The Stutz Bearcat was a creation of Harry C. Stutz and his Stutz Motor Car Company. Stutz was an engineer and became involved with automobiles right after the turn of the century in 1903. Interestingly enough, the first company Stutz founded in 1910 was the Stutz Auto Parts Company. Shortly afterwards the company got into auto building and the Stutz Motor Car Company was founded.

Stutz Bearcat

The first car that was put together was the Stutz Roadster. The story is that Stutz produced the automobile in just five weeks.

The car was entered in the very first Indianapolis 500 Race on May 30, 1911. During this historic 1905 race, the Stutz Roadster attained an average speed of 68 MPH and finished in 11th place.

The 1905 Indianapolis 500 was a great venue for the public to get acquainted with the Stutz Motor Car Company and it’s talented engineer owner.

The Stutz Bearcat came along a year later in 1912. The Indianapolis 500 Race became the place for car manufacturers to showcase their creations and the Stutz Bearcat took full advantage. The Bearcat amazingly won some 25 of 30 races it was entered into in 1912. In 1913, the Bearcat came in 3rd at Indy. The car did quite well again at Indy in 1915.

As far as the Stutz Motor Car Company was concerned, due to the need for large amounts of capital to expand, Harry Stutz ended up selling out controlling interest to a New York investor in 1919. Harry Stutz would later get into manufacturing fire engines which were also changing significantly in design and function.

Stutz Bearcat front end

Today, there is a 1921 Stutz Fire engine on display at the Oklahoma Firefighters Museum in Oklahoma City. Additionally, there is a 1925 Stutz Fire Engine Model K-3 on display at the Los Angeles County Fire Museum. The museum is located in Bellflower California.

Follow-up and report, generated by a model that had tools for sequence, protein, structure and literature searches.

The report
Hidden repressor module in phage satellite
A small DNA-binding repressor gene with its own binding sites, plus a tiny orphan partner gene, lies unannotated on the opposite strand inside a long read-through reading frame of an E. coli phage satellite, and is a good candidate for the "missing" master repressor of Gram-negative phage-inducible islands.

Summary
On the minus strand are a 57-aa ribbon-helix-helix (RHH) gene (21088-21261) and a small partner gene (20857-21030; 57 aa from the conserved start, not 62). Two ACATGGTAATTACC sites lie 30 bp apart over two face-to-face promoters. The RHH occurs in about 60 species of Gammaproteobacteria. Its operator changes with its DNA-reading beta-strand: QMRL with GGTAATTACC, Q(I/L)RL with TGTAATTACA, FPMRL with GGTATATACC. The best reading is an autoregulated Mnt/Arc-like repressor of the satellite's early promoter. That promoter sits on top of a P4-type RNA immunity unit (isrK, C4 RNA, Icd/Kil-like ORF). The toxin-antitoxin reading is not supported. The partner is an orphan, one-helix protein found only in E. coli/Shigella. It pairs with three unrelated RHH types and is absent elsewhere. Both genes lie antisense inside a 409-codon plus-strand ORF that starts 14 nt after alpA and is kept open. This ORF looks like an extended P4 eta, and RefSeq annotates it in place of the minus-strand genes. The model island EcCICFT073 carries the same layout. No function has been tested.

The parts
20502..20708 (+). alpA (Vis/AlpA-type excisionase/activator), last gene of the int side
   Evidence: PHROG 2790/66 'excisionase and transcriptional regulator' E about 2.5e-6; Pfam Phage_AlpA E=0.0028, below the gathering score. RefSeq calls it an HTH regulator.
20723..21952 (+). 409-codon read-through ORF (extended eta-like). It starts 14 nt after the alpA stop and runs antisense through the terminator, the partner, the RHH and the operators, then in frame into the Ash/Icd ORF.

The Bearcat’s Popularity

The Bearcat was an automobile that was popular with buyers looking for an everyday vehicle yet with a strong racing flare. The car was essentially a cross between a street car and a race car. The Stutz Bearcat was priced at least twice that of the ordinary automobile.

The 1914 model car was selling for $2,000. The car continued to sell quite well after World War One during the Roaring Twenties. Some would say that the Stutz Bearcat was THE car of the Roaring Twenties. The economy was doing well and the prices of the Bearcats climbed. The customer for the Bearcat would have been someone with the money to pay perhaps three times the price of an ordinary automobile with a desire for a sporty set of wheels. The Stutz Bearcat was offered to the public until 1924.

Bearcat interior

After the mid 1920’s the Bearcat name disappeared until the year 1931.

The reappearance of the Bearcat name had everything to do with the Great Depression. The high end Stutz automobiles had a rough time after the stock market crash of 1929. To try to jump start sales, the company decided to reintroduce the Bearcat name in 1931.

The new Bearcat had an eight cylinder engine and claimed to be tested to 100 MPH, an extraordinary speed for an automobile in 1931, especially a car to be driven off the raceway. The Stutz Motor Car Company ceased production altogether in 1934. The Stutz Bearcat and the Stutz company was one of several auto companies claimed by the Great Depression.

Automobile enthusiasts know quite well that the Stutz Bearcat automobile remains today one of the most popular vintage cars. Today, you can see the Stutz Bearcat automobile on display at several venues around the United States.

Among the many automotive museums where this vintage car is on display are, the Petersen Automotive  Museum in Los Angeles, the National Auto Museum in Reno Nevada, the Wells Auto Museum in Wells Maine, the Blackhawk Museum in Danville California about 25 miles east of the San Francisco Bay area, the Graceland Car Museum in Memphis Tennessee and at the Henry Ford Museum in Dearborn Michigan, a Detroit suburb.

(Photos are from author’s private collection)